So we set off down an old creek bed, with all four kids and my wife, each collecting rocks. Now here is where the BRAIN did not kick into gear. As soon as we set out, one of the kids grabbed a rock and put it in my empty back pack. Then another, and another, and many more as we walked the old creek bed.

When my back pack was full to the brim, I realized that we had made an HUGE mistake. We should have walked in the approximately mile and a half that we had gone. THEN started collecting rocks on our way back. But NO, we didn’t do it that way. As near as I can estimate, when the return hike back to the beginning was done, I had well over 100 pounds of rocks in my back pack. Talk about being exhausted.

Moral of the story—if you are going to collect rocks on a hike. Don’t start collecting until you have gone as far as you intend on going. THEN start collecting on your return trip.

When we were done, and had opened the geodes, we did find some very pretty ones that I still have on display. NOTE: Over the years we have moved a lot and every time we moved, our friends that helped us always wanted to know why we had so many boxes labeled “rocks.” They always asked if there were really rocks in those boxes, and we had to say, yes they are really full of rocks.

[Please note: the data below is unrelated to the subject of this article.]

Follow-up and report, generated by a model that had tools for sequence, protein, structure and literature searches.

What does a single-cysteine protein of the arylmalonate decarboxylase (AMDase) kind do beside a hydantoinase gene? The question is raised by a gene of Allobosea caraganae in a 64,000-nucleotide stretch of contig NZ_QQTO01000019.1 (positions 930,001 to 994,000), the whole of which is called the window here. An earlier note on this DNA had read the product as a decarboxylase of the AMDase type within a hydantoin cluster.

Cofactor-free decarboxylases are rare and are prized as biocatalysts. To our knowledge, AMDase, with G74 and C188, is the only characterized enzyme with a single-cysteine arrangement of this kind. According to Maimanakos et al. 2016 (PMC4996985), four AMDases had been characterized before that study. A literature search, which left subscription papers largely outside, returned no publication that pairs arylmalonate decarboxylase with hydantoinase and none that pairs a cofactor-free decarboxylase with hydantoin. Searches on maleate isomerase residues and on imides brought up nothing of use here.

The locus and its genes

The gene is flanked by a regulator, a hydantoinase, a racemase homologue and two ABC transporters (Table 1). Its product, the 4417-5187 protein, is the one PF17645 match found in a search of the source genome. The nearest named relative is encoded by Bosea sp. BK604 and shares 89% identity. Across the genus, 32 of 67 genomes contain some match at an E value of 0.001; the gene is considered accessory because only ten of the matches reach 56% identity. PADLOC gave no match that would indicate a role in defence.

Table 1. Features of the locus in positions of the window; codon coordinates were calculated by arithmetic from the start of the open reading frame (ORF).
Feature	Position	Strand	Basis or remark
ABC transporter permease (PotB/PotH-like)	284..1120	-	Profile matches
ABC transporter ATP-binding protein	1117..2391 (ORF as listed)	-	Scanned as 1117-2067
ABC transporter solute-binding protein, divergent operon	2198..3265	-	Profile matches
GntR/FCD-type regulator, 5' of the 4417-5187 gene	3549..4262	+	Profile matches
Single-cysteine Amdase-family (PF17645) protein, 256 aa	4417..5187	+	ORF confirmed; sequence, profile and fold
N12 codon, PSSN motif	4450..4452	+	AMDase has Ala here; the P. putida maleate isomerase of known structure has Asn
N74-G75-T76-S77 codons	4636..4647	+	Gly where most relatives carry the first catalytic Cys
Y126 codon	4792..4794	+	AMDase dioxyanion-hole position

Attacked by Aliens

Do you ever have nightmares? I had severe nightmares from the time I was a fifth grader, on through college, and for several years after I was married.

When I have a nightmare, I don’t just scream—no I take action. I get involved in the nightmare.

When in college, this drove my roommates crazy. They never knew what to expect, or what to do when I had a nightmare. For those who only heard about my nightmares, they never really could understood what happened to me or anything around me, when I had a nightmare.